You mean it, you don't mean it

When my brother was three years old, my mother heard him chanting to himself as he swung back and forth on a backyard swingset. Curious as to what he was singing, she quietly opened the kitchen window and leaned close to the screen so she could hear. It was this, “You mean it, you don’t mean it. You mean it, you don’t mean it. You mean it…” Needless to say, my mother decided she needed to be more consistent in her messaging.


Now that The Harbour School has many applicants and few available spaces, I am sometimes approached by people who think we would like it to become “more like other schools.” They believe that we should now become more selective, choosing only the best and the brightest, and that somehow this will raise our stature in the international school community.


They do not realise that they are describing our worst nightmare, something that looms as a potential worst outcome of the years that many of us have put into creating something new, innovative, and so far extremely successful. Investors who approach us because they would like to replicate our model in other countries are not doing so because we are like other schools. They are doing this because we are better.


We treasure diversity, not because we have to but because we really do. Yes, we

have some students who are extremely good at academic skills. Twenty percent

of our students are at least two years advanced in one or more academic subject.

(And, by the way, those are kids who may or may not be good at “studentship,”

which is a different skill entirely.) In fact, our reputation is growing as the only

school that appropriately addresses the needs of kids who are gifted

through our customised programming.


But another twenty percent of our students have difficulty in one academic area,

and those students are equally valued. They may be terrible at math but

extremely creative, or very good at music, or excel in kindness.


Fifty percent of our children are “typical” children in that they have no extreme academic

strengths and weaknesses, nonetheless have individual passions, interests,

personalities and strengths, and they also are valued as they begin to sculpt their

lives, imagining themselves and finding their stride as they mature into confident

and interested young people. They are judged by their own criteria, each against

his or her own internal compass. While they still must master the materials

necessary to succeed in our society, we hope that they will do that in a manner

that is interesting to them and that they can relate to real problems that they

have identified or to causes that they have been empowered to believe in.




At The Harbour School, we are proving that all children do better when they

work together in heterogeneous groups. Sometimes this is a lot of fun. It was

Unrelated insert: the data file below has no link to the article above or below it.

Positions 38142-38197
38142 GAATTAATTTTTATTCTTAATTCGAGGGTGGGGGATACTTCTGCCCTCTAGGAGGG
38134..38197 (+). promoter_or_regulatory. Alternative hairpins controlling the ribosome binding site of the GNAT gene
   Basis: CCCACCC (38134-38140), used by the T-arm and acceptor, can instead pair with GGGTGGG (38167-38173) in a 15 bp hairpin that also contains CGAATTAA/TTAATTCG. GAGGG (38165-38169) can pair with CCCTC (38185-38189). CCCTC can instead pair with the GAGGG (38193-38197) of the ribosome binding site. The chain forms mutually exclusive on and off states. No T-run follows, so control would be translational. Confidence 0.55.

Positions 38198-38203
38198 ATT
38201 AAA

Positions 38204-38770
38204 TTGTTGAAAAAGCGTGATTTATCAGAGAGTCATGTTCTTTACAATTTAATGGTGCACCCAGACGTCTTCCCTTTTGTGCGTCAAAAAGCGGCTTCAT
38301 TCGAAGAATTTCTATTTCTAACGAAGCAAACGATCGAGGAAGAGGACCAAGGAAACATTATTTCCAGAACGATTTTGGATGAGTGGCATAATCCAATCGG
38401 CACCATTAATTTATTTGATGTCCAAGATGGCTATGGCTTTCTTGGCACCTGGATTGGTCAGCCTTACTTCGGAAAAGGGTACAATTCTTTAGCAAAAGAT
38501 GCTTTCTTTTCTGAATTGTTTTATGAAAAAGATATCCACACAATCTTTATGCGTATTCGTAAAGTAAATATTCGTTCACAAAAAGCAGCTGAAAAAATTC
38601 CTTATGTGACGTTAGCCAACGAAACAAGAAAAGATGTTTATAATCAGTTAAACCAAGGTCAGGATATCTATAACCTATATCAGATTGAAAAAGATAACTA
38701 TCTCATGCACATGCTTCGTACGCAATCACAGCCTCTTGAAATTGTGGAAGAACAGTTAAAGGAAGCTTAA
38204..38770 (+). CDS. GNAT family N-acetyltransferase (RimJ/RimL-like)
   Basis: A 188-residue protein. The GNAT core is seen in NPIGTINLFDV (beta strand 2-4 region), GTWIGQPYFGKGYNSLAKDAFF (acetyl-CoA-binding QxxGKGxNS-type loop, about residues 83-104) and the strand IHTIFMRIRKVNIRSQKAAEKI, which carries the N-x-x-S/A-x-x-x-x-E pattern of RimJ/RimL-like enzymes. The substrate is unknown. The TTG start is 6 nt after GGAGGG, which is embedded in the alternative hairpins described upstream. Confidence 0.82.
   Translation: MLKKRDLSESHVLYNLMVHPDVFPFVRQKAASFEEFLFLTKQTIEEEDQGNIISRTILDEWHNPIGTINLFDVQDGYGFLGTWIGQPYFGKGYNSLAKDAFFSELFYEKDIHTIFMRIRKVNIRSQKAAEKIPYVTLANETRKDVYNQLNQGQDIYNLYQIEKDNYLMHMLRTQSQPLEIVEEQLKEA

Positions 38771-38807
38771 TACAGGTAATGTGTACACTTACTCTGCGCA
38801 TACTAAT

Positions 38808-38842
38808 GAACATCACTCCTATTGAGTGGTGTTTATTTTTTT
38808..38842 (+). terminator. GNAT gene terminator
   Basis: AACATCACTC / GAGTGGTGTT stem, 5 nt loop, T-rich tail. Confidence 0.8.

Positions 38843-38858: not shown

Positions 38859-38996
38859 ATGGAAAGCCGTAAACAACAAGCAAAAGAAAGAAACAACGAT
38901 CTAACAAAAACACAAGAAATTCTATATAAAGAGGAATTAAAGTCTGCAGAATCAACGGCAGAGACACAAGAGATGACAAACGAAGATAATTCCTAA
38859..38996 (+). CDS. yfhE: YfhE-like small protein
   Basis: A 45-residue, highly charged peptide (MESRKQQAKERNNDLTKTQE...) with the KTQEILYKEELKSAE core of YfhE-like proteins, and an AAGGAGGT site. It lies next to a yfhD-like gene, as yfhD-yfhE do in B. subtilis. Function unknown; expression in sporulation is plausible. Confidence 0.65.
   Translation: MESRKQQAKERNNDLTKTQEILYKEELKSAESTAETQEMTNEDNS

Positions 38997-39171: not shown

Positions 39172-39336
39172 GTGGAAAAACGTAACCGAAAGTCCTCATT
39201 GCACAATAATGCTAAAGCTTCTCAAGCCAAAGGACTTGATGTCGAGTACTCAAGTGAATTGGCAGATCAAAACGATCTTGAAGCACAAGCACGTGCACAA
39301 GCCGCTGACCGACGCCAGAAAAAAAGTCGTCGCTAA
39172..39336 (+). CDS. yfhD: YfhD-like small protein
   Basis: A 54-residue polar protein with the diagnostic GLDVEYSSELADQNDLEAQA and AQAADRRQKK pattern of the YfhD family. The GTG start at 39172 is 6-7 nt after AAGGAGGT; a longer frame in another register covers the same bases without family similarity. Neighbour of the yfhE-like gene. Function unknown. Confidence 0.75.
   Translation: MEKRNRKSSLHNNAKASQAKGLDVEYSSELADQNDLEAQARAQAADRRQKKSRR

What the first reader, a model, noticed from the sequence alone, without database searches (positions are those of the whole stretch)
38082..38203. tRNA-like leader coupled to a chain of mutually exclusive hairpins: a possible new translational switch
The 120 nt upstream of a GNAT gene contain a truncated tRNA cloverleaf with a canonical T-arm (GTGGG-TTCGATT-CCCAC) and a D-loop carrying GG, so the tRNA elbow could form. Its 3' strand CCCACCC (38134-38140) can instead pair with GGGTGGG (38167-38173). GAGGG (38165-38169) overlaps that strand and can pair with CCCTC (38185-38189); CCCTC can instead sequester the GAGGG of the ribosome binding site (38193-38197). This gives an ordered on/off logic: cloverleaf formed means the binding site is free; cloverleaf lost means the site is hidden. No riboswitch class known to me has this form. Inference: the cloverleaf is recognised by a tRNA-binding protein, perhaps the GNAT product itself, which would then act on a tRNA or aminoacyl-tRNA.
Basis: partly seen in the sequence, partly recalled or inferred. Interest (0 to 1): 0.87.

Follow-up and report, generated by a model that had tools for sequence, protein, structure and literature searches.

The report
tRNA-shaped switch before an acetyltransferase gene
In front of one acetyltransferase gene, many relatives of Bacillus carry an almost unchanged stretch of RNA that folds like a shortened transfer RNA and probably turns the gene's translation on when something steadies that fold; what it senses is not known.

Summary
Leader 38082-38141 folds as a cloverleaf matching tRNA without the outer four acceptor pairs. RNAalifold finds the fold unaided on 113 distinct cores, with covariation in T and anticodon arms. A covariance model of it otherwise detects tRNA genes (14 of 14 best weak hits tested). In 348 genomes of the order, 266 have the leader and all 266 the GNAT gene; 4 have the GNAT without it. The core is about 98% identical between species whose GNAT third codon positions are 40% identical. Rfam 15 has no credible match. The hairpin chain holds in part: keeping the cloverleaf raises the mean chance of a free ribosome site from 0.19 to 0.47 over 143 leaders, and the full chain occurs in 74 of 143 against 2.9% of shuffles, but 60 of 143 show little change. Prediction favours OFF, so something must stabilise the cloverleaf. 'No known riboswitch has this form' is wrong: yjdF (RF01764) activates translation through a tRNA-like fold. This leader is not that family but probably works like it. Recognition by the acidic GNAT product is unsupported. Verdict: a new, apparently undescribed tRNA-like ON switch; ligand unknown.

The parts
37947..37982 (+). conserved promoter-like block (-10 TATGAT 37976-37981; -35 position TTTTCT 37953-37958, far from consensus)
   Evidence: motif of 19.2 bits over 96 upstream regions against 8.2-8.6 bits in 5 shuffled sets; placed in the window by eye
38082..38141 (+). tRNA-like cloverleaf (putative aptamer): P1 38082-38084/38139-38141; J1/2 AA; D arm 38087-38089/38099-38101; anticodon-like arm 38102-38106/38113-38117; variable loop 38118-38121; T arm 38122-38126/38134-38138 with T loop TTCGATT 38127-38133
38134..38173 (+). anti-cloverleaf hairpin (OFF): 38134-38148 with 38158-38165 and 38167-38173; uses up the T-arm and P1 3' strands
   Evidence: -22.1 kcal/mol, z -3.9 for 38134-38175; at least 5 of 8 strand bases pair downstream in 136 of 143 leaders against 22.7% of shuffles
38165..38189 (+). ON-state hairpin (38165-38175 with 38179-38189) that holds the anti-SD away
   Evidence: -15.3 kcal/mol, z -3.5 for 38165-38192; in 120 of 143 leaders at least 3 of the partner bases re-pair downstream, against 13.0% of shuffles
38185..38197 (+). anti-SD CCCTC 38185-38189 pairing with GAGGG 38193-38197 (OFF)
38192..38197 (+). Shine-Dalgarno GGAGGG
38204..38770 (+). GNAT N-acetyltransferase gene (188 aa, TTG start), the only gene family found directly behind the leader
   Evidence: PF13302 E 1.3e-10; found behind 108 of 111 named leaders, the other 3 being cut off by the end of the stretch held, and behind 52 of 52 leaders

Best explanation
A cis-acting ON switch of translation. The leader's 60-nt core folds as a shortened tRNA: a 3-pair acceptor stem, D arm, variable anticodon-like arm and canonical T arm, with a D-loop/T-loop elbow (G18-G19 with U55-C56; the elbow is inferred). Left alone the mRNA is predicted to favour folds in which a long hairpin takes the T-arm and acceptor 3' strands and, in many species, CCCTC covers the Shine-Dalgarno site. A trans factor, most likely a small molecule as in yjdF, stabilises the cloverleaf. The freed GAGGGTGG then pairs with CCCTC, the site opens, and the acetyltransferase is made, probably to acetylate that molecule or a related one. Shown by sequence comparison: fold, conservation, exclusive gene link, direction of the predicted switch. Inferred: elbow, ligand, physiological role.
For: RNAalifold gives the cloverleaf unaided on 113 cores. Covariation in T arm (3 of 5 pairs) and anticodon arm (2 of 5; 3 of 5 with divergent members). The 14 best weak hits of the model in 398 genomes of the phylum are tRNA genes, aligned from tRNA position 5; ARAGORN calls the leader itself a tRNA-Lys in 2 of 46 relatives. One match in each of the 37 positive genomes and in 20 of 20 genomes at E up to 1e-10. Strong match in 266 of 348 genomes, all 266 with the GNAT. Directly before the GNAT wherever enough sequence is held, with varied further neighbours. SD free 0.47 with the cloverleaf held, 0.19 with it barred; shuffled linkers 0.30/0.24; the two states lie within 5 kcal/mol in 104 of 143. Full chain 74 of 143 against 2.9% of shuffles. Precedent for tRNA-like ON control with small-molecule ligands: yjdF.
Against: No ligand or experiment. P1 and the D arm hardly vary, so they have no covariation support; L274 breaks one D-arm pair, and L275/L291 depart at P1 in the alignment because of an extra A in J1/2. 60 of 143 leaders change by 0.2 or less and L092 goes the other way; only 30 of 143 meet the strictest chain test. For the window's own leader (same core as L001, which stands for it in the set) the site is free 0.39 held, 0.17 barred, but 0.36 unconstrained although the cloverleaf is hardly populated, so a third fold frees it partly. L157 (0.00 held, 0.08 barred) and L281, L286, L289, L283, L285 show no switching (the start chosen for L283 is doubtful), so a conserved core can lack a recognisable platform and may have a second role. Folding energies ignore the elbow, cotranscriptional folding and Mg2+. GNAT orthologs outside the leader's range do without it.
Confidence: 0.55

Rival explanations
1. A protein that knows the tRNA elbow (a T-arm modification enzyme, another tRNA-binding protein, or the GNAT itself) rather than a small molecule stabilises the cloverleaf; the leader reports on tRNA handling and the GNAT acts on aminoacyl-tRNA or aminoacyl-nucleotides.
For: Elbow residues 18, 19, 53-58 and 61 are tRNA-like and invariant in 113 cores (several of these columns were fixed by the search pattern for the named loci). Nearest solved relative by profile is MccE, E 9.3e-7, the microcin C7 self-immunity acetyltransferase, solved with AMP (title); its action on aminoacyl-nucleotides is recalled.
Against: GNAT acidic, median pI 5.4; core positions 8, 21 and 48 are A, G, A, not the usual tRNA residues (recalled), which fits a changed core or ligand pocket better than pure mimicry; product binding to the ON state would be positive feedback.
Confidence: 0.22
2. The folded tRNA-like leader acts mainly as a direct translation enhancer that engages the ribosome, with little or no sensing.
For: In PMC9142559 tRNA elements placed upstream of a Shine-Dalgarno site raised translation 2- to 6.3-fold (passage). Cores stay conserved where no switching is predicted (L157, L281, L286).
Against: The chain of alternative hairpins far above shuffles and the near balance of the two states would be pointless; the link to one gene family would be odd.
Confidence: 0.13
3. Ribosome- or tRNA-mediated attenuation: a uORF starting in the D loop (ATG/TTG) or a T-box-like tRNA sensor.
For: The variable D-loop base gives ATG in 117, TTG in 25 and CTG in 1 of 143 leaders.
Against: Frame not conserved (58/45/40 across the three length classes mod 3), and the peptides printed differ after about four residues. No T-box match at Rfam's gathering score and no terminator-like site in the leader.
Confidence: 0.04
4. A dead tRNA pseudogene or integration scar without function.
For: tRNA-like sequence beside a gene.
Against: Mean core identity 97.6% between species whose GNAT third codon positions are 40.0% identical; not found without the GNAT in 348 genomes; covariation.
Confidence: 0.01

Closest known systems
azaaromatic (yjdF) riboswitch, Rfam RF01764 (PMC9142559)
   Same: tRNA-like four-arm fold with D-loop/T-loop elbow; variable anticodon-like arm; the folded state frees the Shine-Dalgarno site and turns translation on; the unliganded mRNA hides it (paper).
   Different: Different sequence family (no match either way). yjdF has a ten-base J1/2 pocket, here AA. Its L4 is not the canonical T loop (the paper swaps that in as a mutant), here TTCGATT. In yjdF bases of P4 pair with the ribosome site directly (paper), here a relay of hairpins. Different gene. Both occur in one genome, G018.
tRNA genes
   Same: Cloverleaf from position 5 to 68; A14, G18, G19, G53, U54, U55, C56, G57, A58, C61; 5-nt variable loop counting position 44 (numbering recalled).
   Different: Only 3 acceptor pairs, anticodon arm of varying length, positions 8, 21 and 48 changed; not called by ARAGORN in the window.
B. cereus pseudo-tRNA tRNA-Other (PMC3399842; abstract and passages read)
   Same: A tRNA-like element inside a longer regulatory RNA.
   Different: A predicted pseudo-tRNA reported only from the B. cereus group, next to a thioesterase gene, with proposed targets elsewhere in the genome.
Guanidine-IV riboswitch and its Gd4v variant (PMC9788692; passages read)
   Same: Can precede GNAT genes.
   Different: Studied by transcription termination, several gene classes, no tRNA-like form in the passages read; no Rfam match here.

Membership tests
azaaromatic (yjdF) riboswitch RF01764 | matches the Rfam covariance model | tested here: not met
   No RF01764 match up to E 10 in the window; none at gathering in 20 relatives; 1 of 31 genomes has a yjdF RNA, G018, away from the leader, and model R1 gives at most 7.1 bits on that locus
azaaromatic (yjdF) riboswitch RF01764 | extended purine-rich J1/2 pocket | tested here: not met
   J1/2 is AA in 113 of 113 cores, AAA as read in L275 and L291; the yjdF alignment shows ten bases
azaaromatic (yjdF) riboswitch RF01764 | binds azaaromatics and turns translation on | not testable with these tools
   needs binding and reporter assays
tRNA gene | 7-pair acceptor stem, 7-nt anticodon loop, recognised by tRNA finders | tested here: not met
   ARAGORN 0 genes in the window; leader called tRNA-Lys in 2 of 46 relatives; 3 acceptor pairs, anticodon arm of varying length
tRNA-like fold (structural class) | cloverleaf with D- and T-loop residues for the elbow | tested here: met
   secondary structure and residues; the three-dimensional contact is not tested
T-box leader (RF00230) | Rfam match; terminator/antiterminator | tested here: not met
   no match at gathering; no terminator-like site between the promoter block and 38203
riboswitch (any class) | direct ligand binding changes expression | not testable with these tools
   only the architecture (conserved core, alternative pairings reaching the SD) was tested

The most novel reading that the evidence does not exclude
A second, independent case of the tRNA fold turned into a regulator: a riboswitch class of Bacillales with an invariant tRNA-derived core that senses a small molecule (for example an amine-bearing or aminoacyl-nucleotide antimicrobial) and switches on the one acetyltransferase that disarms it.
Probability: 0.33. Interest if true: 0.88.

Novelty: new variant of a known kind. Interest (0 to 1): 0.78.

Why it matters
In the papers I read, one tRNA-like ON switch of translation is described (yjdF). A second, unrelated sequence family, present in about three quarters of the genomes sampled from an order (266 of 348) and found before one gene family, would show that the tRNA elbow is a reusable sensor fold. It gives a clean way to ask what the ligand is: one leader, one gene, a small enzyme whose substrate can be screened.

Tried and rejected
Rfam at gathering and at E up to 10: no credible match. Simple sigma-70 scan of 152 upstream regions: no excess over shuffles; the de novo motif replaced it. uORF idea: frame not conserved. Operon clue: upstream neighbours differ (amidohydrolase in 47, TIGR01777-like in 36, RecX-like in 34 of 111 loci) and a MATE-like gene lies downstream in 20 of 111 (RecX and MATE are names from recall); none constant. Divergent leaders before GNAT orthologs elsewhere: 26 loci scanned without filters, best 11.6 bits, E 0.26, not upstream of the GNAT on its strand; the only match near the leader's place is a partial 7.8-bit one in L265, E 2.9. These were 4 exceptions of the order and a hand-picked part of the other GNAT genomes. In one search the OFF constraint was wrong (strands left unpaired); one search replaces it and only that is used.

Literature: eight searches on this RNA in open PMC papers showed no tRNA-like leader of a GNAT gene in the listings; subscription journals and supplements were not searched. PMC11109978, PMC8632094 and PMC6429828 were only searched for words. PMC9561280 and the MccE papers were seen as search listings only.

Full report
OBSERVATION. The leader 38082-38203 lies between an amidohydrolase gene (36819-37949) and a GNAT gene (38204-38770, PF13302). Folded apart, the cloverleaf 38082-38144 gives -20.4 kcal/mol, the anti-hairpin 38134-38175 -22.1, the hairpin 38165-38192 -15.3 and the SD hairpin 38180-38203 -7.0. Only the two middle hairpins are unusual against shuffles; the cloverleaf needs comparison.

great when a top administrator from another school asked, “Those are your

gifted kids, right?” He was watching our video of students who won the Roots

and Shoots Award for their invention of an Optical Ocean Plastic Sensor. We got

to explain that the team was self-selected, composed of kids with an extreme

variety of skills and personalities, one or two highly gifted, others with Dyslexia

or Dysgraphia and a couple with social difficulties.


Earlier this year, when our tiny school of under 200 students represented Hong Kong in

the world competition in Iowa for the Odyssey of the Mind, what was even more

remarkable was that our team was composed of anyone who wanted to join

rather than cherry-picked according to some pre-conceived criteria. We won,

against many huge schools in Hong Kong, not despite our diversity but because of



The need for different types of people will only become greater. Anyone who

googles “21 st century skills” will not find references to an ability to pass

achievement tests in the search results. Instead, what are listed are such skills as

teamwork, creativity, critical thinking, flexibility, problem-solving, presentation

skills, global awareness and responsibility, or initiative. Schools that limit

themselves to students who do well on achievement tests are losing their

advantage in key areas that have been identified by employers as being of

ultimate value over the next fifty years. Teaching students to work well with

(and appreciate) all types of people is vital in the years to come. This is as true

for kids who may be ahead of their peers as it is for kids who struggle in some



This is one reason that The Harbour School has been a finalist for two years in

the global “21 st Century School” competition and that one of our teachers was

chosen by the American Humane Society as Teacher of the Year globally. It is

why the TED talk about our programs was playing earlier this year on Cathay Pacific

flights. People are excited about what we are doing because they recognize that

what was done a hundred years ago is no longer relevant or useful. Our tiny

school has already been recognized worldwide as being a leader in progressive

education. Why would we be interested in changing our model just because we

have more applicants?


So, yes, we really mean it. We do not aspire to be like schools that accept only

high academic achievers and then, years later, produce high academic achievers.

We are much more interested in accepting a diversity of children and, years

later, being surprised by inventors, artists, sailors, photographers, designers,

actors, entrepreneurs, social activists and scientists… and also some high

academic achievers! Our strength and our difference lies in the diversity of our

student population and we will continue to accept, value, nurture and “unlock

the best” in children whatever their natural talents and bents.



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